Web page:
David Jack, Adamstown HeightsTHE plan to convert Latrobe Valley brown coal to hydrogen gas (“Victoria turns coal to hydrogen for Japan”, Herald 13/4)involves federal and state subsidies of $100 million.The project is expected to create 400 jobs.Whoopie! That’s $250,000per job from taxpayer money.It would be more energy efficient and cheaper to convert coal to methane gas and ship that to Japan. Better still, why not just burn the coals to make electricity?

Peter Devey,MerewetherTHIS week’s ABCCompass was beyond expectations. It encompassed with sensitivity the lives of young people with a disability. The happiness they shared when they accomplished their particular fields was a joy to behold.

Daphne Hughes,KahibahIN REPLY to Allen Small (Letters 19/4):yes Allen, pathetic one-eyed refereeing in first half of theStorm vsKnights game. After a penalty count of 7/0 I had enough and changed the channel. In the eye of some referees, the Storm cannot do anything wrong in Melbourne.

Colin Atkins,WyongYOU have got to be joking. Who would charge $7 for Vegemiteon toast(“When Vegemite goes viral”, Herald 19/4)? Would it be$5 extra for a slice cheese with my favourite brekky, a Vegemite and cheese toastie? Money for jam takes whole new meaning.

Michael Casey,WaratahVEGEMITE on toast for $7? A hipster and his money are soon parted.

Scott Hillard,New Lambton

A-League: Hoff turns clock back for Jets’ finals fling

28/07/2019 Posted by admin

JASON Hoffman was 18 and in his first season as a professional footballer when he came off the bench to help the Newcastle Jets beat Central Coast 2-0 in the first leg of the 2007-08 major semi-finalat a heaving McDonald Jones Stadium.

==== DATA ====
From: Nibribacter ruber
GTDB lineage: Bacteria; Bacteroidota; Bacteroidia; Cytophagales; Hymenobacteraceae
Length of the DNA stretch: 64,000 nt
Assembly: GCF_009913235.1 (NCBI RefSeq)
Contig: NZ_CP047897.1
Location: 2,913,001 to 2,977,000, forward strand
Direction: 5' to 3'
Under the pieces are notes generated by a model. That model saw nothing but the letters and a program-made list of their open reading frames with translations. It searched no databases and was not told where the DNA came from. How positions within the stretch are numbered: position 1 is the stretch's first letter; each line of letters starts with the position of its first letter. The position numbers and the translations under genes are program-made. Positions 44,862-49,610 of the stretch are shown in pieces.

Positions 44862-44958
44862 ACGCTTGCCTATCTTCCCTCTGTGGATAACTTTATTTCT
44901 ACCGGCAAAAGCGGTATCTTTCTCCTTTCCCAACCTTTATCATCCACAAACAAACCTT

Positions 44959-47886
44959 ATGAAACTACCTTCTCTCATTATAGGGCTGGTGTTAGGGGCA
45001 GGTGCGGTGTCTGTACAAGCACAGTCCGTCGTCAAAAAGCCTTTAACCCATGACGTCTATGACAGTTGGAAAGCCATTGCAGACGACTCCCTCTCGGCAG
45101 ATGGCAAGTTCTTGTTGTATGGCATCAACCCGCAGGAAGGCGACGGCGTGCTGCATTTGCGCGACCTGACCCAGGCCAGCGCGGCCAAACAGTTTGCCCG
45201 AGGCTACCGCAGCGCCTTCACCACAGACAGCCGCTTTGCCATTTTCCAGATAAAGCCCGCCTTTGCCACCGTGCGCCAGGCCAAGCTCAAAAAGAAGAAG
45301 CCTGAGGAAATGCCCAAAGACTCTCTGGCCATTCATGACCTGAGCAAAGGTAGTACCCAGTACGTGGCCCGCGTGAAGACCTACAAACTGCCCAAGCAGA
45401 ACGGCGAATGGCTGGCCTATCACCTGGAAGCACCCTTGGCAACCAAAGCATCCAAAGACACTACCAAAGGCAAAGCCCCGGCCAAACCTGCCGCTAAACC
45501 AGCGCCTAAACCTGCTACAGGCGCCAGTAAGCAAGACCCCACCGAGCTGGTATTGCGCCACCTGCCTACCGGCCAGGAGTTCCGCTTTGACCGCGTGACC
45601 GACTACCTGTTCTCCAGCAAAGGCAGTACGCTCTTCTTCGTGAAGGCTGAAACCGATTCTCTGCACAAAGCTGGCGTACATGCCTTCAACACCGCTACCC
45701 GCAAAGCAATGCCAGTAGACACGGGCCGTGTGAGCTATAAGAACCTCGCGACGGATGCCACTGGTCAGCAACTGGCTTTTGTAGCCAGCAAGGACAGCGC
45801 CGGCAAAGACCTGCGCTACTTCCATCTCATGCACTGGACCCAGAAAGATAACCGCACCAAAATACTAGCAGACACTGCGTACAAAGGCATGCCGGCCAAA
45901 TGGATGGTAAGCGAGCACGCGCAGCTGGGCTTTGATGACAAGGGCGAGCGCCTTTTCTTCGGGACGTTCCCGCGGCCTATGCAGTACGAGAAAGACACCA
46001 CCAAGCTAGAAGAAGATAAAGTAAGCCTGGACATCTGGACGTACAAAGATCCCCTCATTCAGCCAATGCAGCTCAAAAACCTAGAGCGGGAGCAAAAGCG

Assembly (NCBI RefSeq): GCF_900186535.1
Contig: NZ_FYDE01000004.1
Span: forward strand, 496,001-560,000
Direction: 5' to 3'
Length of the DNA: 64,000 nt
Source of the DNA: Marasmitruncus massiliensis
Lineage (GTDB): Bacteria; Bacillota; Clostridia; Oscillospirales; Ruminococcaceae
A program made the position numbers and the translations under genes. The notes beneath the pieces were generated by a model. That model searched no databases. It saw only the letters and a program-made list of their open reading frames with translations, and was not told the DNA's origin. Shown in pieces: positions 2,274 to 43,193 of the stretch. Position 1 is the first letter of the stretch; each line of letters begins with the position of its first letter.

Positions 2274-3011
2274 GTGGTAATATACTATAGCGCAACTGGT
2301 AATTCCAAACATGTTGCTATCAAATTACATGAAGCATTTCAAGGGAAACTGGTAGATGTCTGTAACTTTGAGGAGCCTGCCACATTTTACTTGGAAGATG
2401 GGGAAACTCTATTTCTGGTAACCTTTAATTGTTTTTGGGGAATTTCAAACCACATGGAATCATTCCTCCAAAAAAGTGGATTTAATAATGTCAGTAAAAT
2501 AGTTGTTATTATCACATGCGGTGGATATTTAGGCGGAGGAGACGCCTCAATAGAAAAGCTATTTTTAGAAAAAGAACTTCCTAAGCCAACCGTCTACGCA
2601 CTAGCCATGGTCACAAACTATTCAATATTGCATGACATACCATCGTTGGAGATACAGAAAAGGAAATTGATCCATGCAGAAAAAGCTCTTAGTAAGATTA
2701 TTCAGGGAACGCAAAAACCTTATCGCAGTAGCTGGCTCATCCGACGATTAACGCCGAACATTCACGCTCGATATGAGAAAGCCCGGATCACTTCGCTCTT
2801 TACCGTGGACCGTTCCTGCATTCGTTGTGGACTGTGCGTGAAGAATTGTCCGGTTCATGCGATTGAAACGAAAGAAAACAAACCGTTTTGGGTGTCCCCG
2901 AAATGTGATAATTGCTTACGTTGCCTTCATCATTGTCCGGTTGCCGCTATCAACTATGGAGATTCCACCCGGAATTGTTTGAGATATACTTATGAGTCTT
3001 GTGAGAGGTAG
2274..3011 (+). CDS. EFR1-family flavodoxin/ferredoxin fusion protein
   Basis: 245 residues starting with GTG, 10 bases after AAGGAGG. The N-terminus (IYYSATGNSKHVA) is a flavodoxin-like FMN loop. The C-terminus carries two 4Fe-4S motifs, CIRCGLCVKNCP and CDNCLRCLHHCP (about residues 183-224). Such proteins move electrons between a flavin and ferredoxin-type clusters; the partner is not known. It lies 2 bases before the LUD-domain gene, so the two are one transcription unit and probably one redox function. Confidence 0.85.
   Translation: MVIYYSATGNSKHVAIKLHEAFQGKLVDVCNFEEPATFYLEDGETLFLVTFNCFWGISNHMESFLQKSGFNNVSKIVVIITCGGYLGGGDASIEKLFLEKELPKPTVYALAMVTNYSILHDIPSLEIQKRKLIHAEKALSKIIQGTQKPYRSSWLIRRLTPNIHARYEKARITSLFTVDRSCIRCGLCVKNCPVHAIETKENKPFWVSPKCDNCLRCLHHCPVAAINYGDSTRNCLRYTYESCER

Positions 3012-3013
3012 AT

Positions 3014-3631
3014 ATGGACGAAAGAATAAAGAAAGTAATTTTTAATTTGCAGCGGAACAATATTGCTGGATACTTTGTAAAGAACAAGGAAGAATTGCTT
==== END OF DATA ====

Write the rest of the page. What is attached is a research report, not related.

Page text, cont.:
SEIZE THE MOMENT: Jason Hoffman and rookie Joe Champness celebrate a goal. Picture: Darren Pateman

Of course, the Jets went on to beat the Mariners in the grand final and secure the club’s first and only premiership.

It was a heady time.

Adecade later, Hoffmanis in a similar situation.

The Jets will host a grand-final qualifier against one of either Melbourne City, Melbourne Victory or Adelaide on Friday week.

“It will be massive,” Hoffman said.“Everyone knows the club hasn’t played finals football in a long time.

“The biggest thing–and I think our coach summed it up straight away–is that we need to enjoy the moment. There has been some fantastic players who haven’t had an opportunity to play finals football in their career. Whether you are young or an experienced player, you need to seize the opportunity and enjoy the moment.I will definitely enjoy the vibe and the preparation and hopefully we can achieve something specialnext Friday.”

The current squad boasts a handful of players who are in a similar position to that of Hoffman in 2008.

A-League: Hoff turns clock back for Jets’ finals fling TweetFacebookFinishing school. Riley McGee gets angles perfect @NewcastleJetsFC training. @[email protected]出售老域名/oVS54bANpF

— James Gardiner (@JamesGardiner42) April 19, 2018

If third-placed Melbourne City beat Brisbane (sixth) on Friday night, the Victorians will meet the Jets in the semi-final.

If the Roar record an upset, the Jets will play the winner of Sunday’s game between Melbourne Victory and Adelaide.